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A “madeleine” is a little, spongy French cake shaped like the shell of a scallop. The cake was immortalized by Marcel Proust, in “Du Côté de Chez Swann,” when the delicious taste of a madeleine soaked in tea revives the narrator’s senses and brings back a childhood memory. As I was cycling up the high-mountain pass col de la Madeleine in my native French Alps last month, I had a Proustian reminiscence: the taste of the lemon-flavored madeleines I used to eat as a child.

(Scallop-shell shaped madeleines de Commercy. February 2007. Source: Bernard Leprêtre.)
I’ve made it a tradition while vacationing in my parents’ home in the Alps to climb at least one of the passes classified as “hors catégorie,” or beyond classification, that were included in that year’s Tour de France. These are the most difficult climbs in the world’s most difficult bike race. I rode Alpe d’Huez, probably the most famous climb in the U.S., last year, and col du Galibier, one of my favorites, in 2006 and 2007.
I had no choice this year because the Alps were short-changed in the Tour de France: three stages, out of 20, and only one hors catégorie pass: col de la Madeleine — which wasn’t named after the cake. None of the mythical Alpine passes was included in the 2010 edition: no Alpe d’Huez, no Galibier, no Iseran and no Mont Ventoux. Meanwhile, the Pyrénées mountains in the southwest of France got five stages and five hors catégorie climbs.
The Tour’s riders climbed the col de la Madeleine on July 13, the fifth and final pass in the 204.5 kilmeter (127 mile) ninth stage between Morzine-Avoriaz and Saint-Jean-de-Maurienne.
A few days later, my parents, my husband and I drove to the bottom of the col for our own, more modest, ride. Ahead of us was a climb of 26 km, with an average gradient of about 6.4 percent and peaks at more than 10 percent: for every 100 meters you ride, you gain 10 meters in elevation. Overall, we were about to gain almost 1,600 meters in altitude. My husband would reprise his precious role as “voiture balai,” which can be translated as “sweeping broom car.” It’s French cycling jargon for the mini-bus that follows the last riders in the Tour and picks up those who drop out the race. Except my husband drove ahead of us and waited at the top: there was no dropping out possible.
(The road to col de la Madeleine, with view of Mont Blanc in the background.)
My parents, age 62 and 63, had come back the day before at 5 a.m. from a weeklong cycling trip in Corsica. They averaged 100 km a day under temperatures that topped 30 degrees Celsius (86 degrees Fahenheit). A week before leaving for Corsica, they’d come back from their annual cycling ride from their home in the Alps to their apartment in Nice, climbing hors catégorie passes such as Mont Ventoux and carrying their own bags.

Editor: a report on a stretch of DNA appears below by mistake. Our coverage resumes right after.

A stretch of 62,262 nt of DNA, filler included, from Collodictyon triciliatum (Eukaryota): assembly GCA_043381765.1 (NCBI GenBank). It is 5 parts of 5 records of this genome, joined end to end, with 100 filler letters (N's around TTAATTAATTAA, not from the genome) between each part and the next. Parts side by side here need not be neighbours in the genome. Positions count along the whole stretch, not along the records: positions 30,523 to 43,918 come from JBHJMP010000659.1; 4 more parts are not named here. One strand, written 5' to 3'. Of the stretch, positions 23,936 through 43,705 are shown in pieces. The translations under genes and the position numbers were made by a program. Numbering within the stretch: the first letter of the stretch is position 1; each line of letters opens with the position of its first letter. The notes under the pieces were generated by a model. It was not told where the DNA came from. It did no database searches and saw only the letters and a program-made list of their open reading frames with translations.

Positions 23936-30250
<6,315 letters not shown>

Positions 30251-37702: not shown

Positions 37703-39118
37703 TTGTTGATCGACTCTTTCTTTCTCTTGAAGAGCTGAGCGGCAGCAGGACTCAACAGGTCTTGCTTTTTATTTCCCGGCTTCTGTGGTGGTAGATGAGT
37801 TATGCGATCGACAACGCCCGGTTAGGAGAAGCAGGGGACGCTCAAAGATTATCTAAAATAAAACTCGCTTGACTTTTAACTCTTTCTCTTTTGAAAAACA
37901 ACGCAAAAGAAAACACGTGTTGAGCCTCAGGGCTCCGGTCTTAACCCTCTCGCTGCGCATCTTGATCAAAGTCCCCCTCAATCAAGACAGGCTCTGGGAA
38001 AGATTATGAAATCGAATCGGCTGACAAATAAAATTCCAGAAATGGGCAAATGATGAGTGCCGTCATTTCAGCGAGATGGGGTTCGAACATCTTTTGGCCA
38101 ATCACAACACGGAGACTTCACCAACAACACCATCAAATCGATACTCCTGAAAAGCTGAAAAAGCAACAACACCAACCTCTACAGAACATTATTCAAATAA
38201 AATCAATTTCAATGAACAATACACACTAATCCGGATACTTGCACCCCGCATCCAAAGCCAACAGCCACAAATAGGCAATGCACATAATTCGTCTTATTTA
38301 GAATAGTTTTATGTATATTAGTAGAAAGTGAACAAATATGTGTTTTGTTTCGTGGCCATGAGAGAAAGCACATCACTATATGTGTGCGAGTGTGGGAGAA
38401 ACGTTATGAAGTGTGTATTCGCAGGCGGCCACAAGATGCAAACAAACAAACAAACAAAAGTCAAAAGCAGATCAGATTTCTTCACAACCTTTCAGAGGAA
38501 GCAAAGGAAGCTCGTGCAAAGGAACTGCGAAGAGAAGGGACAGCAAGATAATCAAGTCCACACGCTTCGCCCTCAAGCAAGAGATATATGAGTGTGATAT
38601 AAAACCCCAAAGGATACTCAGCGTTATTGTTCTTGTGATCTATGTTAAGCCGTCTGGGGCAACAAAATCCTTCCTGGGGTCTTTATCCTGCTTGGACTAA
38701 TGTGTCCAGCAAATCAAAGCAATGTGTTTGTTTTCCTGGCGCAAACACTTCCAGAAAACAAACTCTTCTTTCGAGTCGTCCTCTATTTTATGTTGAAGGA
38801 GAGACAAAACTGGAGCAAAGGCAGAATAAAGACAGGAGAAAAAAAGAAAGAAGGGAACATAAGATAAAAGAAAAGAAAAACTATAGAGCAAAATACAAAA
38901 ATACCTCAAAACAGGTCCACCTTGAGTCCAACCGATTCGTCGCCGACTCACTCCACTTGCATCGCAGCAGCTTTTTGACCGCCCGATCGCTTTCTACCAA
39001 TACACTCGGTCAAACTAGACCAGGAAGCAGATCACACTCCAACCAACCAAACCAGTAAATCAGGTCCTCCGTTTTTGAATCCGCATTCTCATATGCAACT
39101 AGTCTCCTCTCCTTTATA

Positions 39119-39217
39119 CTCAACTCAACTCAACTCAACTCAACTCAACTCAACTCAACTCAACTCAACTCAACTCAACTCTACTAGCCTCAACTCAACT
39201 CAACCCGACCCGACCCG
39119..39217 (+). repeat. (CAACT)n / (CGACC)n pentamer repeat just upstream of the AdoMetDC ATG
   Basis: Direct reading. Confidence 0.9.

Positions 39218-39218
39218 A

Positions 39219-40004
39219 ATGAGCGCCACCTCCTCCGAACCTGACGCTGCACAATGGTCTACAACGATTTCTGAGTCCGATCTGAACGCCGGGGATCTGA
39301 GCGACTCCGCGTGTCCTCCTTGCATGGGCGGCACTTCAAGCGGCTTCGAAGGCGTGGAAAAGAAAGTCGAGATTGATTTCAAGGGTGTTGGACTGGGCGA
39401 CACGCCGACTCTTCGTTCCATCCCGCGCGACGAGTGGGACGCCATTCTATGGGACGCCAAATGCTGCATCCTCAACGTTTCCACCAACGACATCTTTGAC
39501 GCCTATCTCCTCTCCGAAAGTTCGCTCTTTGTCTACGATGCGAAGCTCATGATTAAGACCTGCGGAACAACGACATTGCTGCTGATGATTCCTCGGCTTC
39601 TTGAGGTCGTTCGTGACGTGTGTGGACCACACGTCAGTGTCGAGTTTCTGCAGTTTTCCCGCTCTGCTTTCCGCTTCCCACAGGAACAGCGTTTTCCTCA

Since the start of the cycling season, my parents estimated they’d cycled about 3,000 km. I had mainly trained on a stationary bike, with the exception of a hilly 30 miler around our Pennsylvania home and a few climbs up my favorite local mountain in the Alps, col du Granier. Training on the stationary bike had worked to prepare for the Galibier, so I figured it would work for la Madeleine, which is shorter and easier.

The climb started off with 3 km of steady slope averaging 8 percent to 9 percent: there was no time to warm up. I discovered a novelty in my mountains: an increasing number of roads — especially those leading to famous Tour de France passes — have signs every kilometer announcing the average gradient of the following kilometer. It can be both a blessing and a heart-breaker: I was relieved when I saw a 4 percent sign after the steep slopes of the first few kilometers, and crushed in the second half of the climb when encountering several signs for 9 percent or more in a row. There was a downhill section around kilometer 10, and an easy slope at kilometer 19, which allowed my legs to recoup before heading to steeper sections.

(There’s no train to col de la Madeleine, but cows get to watch cyclists passing by.)

As I approached kilometer 16, I recalled the TV coverage of the Tour at the same spot a few days earlier: I went up in the saddle, pretending I was one of the riders. I could hear the voice of Laurent Fignon, a former professional cyclist and now a commentator of the Tour on French television. Fignon, who won the race in 1984 and 1985, was diagnosed with intestinal-tract cancer last year. This year, he was still commenting on the Tour live, in a raspy voice altered by a tumor affecting his vocal folds.
Andy Schleck, the young rider from Luxemburg, should attack if he wants to leave behind Alberto Contador, the 2009 race winner, I remembered Fignon saying. That’s what Schleck did a few moments later, but Contador went up in the saddle and stayed in his wheel. Schleck took the lead of the race and the yellow jersey at the end of that stage, but he lost the overall race to Contador 1 1/2 week later by 8 seconds.

I didn’t attack anyone. In the final kilometers, a cyclist in his 40s or 50s, passed me. I expected him to go faster, but he slowed down, so I went up in the saddle and passed him back. At the top, I was greeted by the clinging bells of a herd of cows after a two-hour ride. My father followed about 20 minutes later and my mother about 10 minutes after that. After taking pictures, I decided to add a solo ride down the other side of the mountain, adding about 10 kilometers and visiting another place of my childhood: Saint Francois Longchamps, a winter resort where I used to ski.

(The cycling family reunited at col de la Madeleine.)

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